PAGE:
Jackie Lynch: One problem here is that many of us have been dieting on and off for years. So our metabolism doesn’t know if it’s coming or going, and goes into camel mode and hangs onto food. Your metabolism needs to know it can trust you. Get your blood sugar in balance, and over time this will happen. Patience and consistency are everything. We don’t want to hear that but it’s the way forward.
We need to find what works well for us. If eating a later breakfast isn’t for you, then make sure you’re getting a good, balanced diet that keeps your blood sugar steady.
Henpicked: Would you advise having our main meal at lunchtime rather than in the evening?
Jackie Lynch: I often encourage people to eat starchy carbs like rice, potato or pasta at lunchtime rather than evening, as we’re often more sedentary later on. This does depend on your level of physical activity. If you have a very active job or are in training you might find you need carbs at both meals. Larger meals earlier in the day can also help if you struggle with bloating at night.
Henpicked: Can it be hard to get enough protein on a vegan diet?
Jackie Lynch: You do have to work harder. All animal proteins are complete proteins, they contain all essential amino acids in one easy package, the body uses them to manufacture the remaining amino acids we need. There are a few complete plant proteins, such as soya, quinoa and hemp. Beans, lentils, nuts and seeds contain some of the essential amino acids, but not all. You need to rotate. So don’t just have kidney beans, have black beans, soya beans, so you’re getting that variety. I’d encourage vegans to have at least one complete protein in their diet every day.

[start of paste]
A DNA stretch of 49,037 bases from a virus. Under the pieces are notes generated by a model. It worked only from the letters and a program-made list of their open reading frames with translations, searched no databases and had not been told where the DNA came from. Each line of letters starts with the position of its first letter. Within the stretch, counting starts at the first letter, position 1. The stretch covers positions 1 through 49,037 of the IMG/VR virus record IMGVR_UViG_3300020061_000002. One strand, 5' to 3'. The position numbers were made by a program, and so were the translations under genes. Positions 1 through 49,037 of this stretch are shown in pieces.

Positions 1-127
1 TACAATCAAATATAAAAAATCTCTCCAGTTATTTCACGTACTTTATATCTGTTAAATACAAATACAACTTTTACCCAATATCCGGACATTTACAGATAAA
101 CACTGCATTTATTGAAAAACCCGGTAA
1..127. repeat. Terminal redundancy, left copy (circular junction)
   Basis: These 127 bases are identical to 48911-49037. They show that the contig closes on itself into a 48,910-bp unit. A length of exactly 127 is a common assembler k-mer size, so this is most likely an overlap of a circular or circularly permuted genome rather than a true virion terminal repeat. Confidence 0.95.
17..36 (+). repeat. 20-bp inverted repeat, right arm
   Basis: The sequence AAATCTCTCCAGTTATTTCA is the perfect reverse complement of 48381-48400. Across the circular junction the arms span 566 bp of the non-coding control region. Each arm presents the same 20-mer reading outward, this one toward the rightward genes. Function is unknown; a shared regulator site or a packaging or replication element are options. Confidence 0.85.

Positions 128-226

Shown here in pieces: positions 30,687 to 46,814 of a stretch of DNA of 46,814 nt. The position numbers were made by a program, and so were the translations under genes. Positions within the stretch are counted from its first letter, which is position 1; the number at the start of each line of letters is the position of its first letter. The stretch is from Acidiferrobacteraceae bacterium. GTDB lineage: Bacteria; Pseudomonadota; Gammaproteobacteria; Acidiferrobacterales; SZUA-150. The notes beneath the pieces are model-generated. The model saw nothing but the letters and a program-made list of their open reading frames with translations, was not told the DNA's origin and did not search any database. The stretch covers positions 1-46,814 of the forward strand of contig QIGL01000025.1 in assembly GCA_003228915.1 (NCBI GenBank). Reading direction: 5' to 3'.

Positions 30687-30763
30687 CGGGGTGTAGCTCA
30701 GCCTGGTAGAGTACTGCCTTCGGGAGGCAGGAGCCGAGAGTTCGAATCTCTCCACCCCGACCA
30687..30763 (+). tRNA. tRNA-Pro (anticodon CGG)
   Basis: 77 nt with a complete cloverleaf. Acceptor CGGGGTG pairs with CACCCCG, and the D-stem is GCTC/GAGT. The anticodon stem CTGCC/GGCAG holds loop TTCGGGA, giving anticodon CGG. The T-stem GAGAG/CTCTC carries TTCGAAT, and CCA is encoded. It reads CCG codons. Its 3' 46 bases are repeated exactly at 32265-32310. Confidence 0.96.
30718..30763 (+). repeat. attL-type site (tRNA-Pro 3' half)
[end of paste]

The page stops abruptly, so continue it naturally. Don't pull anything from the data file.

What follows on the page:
Henpicked: Are there any foods to help our digestive system kickstart or reduce bloating?
Jackie Lynch: There are lots of reasons you get bloated. Look at the mechanics of digestion. Are you chewing your food properly? You don’t need to do it 32 times or whatever the internet says, but make sure you’re savouring and breaking down your food, and not expecting your stomach to do the work of your mouth. Check with your doctor if it’s unusual bloating. If it’s your metabolism and things are just sitting there, fat can help – but not any old fat. Essential fats. Things like nuts, seeds, avocado, hummus: these all help to speed up metabolism.
Jackie Lynch is the founder of the WellWellWell Nutrition Clinic where she specialises in women’s health and the menopause.
She’s a regular contributor of nutrition features for the Mail on Sunday and her clinical work has inspired her to publish 2 books: Va Va Voom: The 10-Day Energy Diet (Headline, 2017) and The Right Bite: Smart Food Choices for Eating on the Go (Nourish 2016).
She’s the host of the popular diet & lifestyle podcast, The Happy Menopause and her new book The Happy Menopause: Smart Nutrition to Help You Flourish was published in October.